Universities have two tasks: to conduct research, and to teach. We take both equally seriously, and try to integrate them as much as possible. There is no reason why lectures should not be (inter)active, and why they should not include results from recent or even ongoing projects - while of course also providing a solid basis to build that research on. Neither does teaching stop at giving lectures, since you cannot learn how to `do research' from a lecture. Therefore, our group is always open for students interested in doing a theory-minded BSc or MSc end project.

The diversity of the activities and methods we employ in our group is reflected in the fact that we contribute to teaching in various educational programs. These include applied physics, nanobiology, and applied mathematics - but even though the various courses formally belong to a given program, they, like our research projects, are open to all interested students.

Starting August 2020, Timon Idema became the programme director of the MSc Nanobiology.

Current courses (2021-2022)

  • Soft matter (NB4070) - an elective course for NB and AP students (cross-listed as AP3511 biophysics). The course includes an introduction to continuum mechanics (elasticity and fluid dynamics). We discuss mixtures, polymers, viscoelastic materials, and membranes, with applications to biological systems. September-January, lectures online Mondays, in-person sessions on-campus Wednesdays 13:45-15:30, problem sessions on-campus Fridays 13:45-15:30.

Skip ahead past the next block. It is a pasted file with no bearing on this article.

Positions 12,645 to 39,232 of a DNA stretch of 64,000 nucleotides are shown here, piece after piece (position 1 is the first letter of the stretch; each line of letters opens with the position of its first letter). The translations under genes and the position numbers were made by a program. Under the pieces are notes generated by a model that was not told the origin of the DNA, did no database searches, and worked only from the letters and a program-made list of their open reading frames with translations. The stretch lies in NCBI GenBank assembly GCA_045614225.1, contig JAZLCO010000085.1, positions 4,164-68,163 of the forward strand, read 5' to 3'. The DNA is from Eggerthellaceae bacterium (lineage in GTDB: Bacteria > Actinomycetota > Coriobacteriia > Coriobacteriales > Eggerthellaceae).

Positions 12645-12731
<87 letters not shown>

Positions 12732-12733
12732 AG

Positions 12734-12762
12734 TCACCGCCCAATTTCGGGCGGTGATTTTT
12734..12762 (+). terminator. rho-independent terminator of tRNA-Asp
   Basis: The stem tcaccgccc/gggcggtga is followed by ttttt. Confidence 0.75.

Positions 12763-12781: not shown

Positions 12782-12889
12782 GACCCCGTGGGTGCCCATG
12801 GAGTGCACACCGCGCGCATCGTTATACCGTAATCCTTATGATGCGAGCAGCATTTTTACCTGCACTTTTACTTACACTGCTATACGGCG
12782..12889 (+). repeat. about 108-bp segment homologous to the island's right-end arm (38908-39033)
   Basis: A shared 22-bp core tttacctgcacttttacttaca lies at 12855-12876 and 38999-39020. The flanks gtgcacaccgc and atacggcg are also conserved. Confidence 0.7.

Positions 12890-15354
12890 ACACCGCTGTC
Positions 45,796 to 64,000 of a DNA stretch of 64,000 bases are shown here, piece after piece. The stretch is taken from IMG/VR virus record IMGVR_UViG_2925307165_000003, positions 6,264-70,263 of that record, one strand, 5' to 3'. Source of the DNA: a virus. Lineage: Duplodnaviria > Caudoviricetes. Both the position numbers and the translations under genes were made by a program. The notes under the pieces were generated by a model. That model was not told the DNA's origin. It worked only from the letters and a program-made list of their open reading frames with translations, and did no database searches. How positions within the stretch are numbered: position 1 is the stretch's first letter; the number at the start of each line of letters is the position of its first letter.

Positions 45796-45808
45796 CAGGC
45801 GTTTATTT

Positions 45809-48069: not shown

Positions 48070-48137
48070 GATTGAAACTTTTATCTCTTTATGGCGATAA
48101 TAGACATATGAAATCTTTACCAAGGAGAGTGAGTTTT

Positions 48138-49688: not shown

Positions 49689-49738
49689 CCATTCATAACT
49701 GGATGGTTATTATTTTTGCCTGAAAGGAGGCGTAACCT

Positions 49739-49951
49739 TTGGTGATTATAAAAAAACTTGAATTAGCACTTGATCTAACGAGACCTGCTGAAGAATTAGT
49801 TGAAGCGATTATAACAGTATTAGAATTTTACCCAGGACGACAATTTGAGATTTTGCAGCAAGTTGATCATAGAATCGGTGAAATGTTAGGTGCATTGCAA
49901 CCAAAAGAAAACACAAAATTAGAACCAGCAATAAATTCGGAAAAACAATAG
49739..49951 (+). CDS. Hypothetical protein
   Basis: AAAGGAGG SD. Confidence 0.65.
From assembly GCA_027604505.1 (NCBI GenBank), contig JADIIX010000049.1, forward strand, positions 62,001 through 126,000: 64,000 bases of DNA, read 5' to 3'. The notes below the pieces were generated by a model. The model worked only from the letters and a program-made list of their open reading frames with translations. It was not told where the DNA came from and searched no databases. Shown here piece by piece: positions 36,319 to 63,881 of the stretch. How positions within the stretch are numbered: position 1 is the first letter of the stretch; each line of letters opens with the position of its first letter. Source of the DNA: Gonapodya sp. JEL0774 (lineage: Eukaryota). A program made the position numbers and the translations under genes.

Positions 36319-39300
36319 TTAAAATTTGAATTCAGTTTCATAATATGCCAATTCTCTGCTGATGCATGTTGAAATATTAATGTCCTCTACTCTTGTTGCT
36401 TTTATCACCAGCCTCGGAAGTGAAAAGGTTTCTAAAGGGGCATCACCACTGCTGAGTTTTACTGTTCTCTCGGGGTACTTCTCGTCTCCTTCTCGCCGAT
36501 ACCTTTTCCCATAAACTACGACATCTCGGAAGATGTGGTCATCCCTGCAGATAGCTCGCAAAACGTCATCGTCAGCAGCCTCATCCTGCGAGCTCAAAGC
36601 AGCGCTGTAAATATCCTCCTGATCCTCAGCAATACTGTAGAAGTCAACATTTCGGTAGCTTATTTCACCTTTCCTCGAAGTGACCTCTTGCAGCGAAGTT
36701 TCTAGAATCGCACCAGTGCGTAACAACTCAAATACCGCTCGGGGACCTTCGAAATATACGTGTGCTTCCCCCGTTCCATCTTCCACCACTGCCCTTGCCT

• Geometry of physics (NB4110) - an elective for NB, AP and AM students, open to MSc and PhD students from other programs. In this guided self-study course students learn how to use differential geometry to describe polymers, membranes, and spacetime. Please contact me directly if you'd like to join.

  • Quantum mechanics for Nanobiology (NB3017 & NB3018) - February-April.

Former courses

  • Physics 1A for Nanobiology (NB1140) - 2013-2016 and 2019-2021. Taught by Hyun Youk in 2017 and 2018 and by Jos Zwanikken from fall 2021.

  • Physics 2 for Nanobiology (NB2141) - 2013-2015. Now taught by Chirlmin Joo.

  • Mechanics and relativity for Mathematics (TN1531TW) - 2015-2021.

  • iGEM (LM3691) - 2013-2020. TU Delft team for the international Genetically Engineered Machines competition; multi-disciplinary with participants from LST, NB, AP and various other programs - May-October.
    Each year the team participates in the iGEM competition in Boston. The last seven teams have been very successful:
    • The 2020 team won the prizes for best food and nutrition project as well as seven other prizes and five more nominations.
    • The 2019 team won the prizes for best foundational advance and best part collection.
    • The 2018 team won the prizes for best new application and best product design, and was nominated for six more prizes.
    • The 2017 team won the overall competition as well as a bunch of other prizes.
    • The 2016 team won the overgraduate prices for best new application, composite part, and model.
    • The 2015 team won the overall competition as well as prizes for best hardware, website, and applied design.
    • The 2014 team (joint with Leiden) won the prize for best microfluidics project.

Education projects

While the objective of teaching (transfer of knowledge and training of skills) has not changed in centuries, the means by which we reach those objectives are developing continually. We run two projects that contribute to this development, moving from classic prited 'closed' textbooks to more dynamic open education materials (OER).

  • OLMO (open learning materials for a multidisciplinary program) for Nanobiology, in which we help teachers in the Nanobiology program find and select existing open educational resources and develop their own material to publishable level.

  • Collective OER, an initiative to help teachers develop open educational materials together, using ideas from succcessful examples like Wikipedia and Gitlab.